AS A SMALL BOY before the first World War in England, one of W.H. Auden's great treats was a visit to the local gasworks with his nurse. Later, such things as tin mines and bridge engineering and mathematics turned him on. In fact, until Auden was halfway through Oxford, science remained his central interest.
But ambiguous feelings about it set in early. The poet's physician father, a Birmingham medical officer who used to stud his lectures on such public health innovations as the flush toilet with quotations from Virgil, unsettled his son by confiding that doctors never really know why their patients get well. The enormities of the age of anxiety have since produced an increasing conviction that measurable knowledge does not adequately account for, or much ease, the pain and confusion of modern life. The poet, like many another brilliant soul, has concluded that we are in God's hand or nowhere. Yet the blend of the clinical and the classical has never left his verse. It is particularly notable in this, the first book of poems issued since Auden returned to Oxford and England for good last May after 33 years in the U.S.
He had come here originally in part because he believed a poet could not develop in the stiflingly cozy cultural world of Britain. He was going back, he recently explained, because "Growing older changes one's life. Suppose I had a coronary? Here [his Lower East Side apartment in Manhattan] I could lie helpless for days. In Oxford I shall be part of a community." Appropriately, much of Epistle to a Godson is devoted to growing old. One poem is called "Old People's Home." Two are written to doctors, dead or retiring, both part of the vanishing breed who know their patients personally and realize that medicine is an art, not a science:
. . . The specialist has his function,
but, to him, we are merely banal examples of
what he knows all about.
There is comfort in the fact that even in age the individual cannot be reduced to mere cardiographic blips and statistical abstracts. There is also a certain ease in nostalgia for times when the "old could still be helpful," when they could envisage the future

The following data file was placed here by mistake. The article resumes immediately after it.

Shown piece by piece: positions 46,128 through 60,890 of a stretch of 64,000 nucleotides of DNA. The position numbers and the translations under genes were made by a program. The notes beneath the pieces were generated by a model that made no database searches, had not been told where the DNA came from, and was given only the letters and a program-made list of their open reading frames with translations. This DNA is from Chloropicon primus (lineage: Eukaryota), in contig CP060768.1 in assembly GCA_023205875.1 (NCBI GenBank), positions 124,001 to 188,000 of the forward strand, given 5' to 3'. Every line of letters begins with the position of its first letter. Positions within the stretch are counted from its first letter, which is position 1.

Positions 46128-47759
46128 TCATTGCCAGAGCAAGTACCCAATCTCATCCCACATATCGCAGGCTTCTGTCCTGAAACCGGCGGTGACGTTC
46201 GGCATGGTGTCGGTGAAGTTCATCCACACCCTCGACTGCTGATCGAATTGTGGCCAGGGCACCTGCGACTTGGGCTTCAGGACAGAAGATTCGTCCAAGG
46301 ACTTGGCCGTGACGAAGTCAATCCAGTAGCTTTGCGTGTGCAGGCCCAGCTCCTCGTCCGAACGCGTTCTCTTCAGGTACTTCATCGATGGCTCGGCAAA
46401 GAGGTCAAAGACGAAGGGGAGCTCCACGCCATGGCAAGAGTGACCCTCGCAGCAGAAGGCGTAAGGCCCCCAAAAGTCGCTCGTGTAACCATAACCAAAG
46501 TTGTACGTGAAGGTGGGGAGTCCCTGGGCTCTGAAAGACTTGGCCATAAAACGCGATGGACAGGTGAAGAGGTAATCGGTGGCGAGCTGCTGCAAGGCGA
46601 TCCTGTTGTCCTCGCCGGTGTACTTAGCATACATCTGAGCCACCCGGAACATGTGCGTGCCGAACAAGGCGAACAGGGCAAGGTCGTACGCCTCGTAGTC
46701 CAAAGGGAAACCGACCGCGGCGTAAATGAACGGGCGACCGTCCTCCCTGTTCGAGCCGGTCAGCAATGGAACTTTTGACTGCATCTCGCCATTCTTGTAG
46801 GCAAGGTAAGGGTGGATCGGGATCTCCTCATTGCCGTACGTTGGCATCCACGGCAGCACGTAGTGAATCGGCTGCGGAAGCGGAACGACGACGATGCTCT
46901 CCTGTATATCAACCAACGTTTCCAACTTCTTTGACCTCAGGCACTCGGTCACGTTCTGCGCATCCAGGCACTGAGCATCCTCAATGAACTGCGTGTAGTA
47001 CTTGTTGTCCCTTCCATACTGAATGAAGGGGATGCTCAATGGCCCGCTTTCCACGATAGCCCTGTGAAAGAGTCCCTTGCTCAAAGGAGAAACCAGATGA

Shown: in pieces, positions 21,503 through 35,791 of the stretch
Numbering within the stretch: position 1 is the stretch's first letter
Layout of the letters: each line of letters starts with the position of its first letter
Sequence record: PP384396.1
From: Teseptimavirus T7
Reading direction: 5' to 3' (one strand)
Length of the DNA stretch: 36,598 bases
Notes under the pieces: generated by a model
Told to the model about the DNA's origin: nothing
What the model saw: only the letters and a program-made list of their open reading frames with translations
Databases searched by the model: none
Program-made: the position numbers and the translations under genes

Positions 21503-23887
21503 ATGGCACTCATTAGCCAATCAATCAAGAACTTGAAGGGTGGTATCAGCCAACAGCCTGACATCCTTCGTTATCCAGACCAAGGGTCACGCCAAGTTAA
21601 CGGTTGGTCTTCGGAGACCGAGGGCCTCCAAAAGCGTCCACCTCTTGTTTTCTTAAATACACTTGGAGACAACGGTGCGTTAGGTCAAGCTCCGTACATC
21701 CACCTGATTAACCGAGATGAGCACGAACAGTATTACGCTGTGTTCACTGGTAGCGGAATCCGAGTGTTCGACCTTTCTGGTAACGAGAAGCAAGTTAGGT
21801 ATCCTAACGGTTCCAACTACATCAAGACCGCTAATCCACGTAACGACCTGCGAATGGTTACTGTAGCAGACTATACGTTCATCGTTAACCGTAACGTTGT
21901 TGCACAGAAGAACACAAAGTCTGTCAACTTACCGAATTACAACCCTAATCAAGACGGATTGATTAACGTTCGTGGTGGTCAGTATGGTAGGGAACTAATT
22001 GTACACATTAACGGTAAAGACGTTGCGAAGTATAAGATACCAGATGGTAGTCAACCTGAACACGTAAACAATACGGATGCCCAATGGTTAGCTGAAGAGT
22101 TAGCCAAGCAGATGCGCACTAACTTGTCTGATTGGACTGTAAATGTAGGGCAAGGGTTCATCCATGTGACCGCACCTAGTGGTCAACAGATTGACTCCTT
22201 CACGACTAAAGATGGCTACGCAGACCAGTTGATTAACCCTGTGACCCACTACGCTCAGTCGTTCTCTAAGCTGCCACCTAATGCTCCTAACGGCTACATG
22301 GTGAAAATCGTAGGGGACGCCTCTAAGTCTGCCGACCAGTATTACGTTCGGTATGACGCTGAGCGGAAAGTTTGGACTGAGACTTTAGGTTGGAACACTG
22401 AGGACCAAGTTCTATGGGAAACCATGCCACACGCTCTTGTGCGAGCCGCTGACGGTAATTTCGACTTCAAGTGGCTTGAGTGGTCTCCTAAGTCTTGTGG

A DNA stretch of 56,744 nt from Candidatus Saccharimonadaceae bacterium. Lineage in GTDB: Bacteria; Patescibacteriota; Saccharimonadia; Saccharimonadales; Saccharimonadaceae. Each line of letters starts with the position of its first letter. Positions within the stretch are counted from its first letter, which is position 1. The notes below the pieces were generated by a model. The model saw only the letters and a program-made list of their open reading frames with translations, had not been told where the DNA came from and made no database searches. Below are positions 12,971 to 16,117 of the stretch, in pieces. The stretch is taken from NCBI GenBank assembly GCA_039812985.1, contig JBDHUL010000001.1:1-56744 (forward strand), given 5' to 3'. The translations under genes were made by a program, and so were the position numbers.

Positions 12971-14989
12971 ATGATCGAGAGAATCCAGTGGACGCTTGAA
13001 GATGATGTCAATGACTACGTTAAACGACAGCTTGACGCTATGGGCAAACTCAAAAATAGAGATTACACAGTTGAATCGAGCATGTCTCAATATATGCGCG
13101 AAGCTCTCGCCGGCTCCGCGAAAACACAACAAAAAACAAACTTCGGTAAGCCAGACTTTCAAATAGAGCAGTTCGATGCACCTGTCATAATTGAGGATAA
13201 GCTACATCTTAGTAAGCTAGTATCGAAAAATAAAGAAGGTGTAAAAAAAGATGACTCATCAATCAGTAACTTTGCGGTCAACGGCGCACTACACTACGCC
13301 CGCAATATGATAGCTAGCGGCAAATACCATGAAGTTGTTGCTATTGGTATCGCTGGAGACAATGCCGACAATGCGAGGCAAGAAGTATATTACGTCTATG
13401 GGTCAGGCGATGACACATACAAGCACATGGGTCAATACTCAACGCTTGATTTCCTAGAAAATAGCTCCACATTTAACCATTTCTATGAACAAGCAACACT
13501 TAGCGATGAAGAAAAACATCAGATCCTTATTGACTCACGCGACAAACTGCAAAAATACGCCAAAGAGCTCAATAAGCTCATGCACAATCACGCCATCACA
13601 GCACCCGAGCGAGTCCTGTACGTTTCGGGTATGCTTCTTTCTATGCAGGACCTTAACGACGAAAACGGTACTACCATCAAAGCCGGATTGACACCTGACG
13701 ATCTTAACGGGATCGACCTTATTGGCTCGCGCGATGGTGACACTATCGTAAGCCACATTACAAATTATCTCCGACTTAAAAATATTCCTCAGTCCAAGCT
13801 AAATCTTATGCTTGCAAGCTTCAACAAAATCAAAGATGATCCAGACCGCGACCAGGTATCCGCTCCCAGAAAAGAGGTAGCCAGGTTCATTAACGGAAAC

as a named and settled landscape their children
would make the same sense of as they did,
laughing and weeping at the same stories.
But as always, Auden reveals sentiment only after a display of armed irony, often recognizing how little the wisdom of the past may be able to say to the present. In the good old simple-minded days, he admits, "good meant Giles the shoemaker/ taking care of the village ninny" while evil was "Count Foulkes who in his tall donjon/ indulged in sinister eccentricities."
Auden feels less need to qualify in attacking the present, its verbose pretensions, the decline of learning and language. Freud, up-to-date behavioral anthropology, as well as a gift for sardonic aphorism unmatched in poetry are all lightly trained on one of our much-vaunted achievements when the poet describes the moon landing as a "huge phallic triumph . . . made possible only/ because we like huddling in gangs and knowing/ the exact time." The poem "Circe" has hard words for the lady's most notably unwitting seductees, the dreamy denizens of the counterculture:
She does not brutalize her victims (beasts could
bite or bolt), She simplifies them to flowers,
sessile fatalists who don't mind and only can talk to themselves.
The book's perfect emblem is "A New Year Greeting." "I should like to think that I make/ a not impossible world," one stanza begins, "but an Eden it cannot be." Auden is addressing the invisible, microscopic creatures who inhabit his body ("Yeasts, Bacteria, Viruses, Aerobic and Anaerobics") as men inhabit the world. Clinical knowledge of their doings helps him spin out a metaphysical conceit that manages to spoof mildly the anthropocentric folly of men in assuming that God thinks in human imagery, and at the same time modestly asserts that God exists:
By what myths would your priests account for the hurricanes that come
twice every twenty-four hours, each time I dress or undress,
when, clinging to keratin rafts, whole cities are swept away
to perish in space, or the Flood that scalds to death when I bathe?
Then, sooner or later, will dawn A Day of Apocalypse,
when my mantle suddenly turns too cold, too rancid for you,
appetizing to predators of a fiercer sort, and I
am stripped of excuse and nimbus, a Past, subject to Judgment.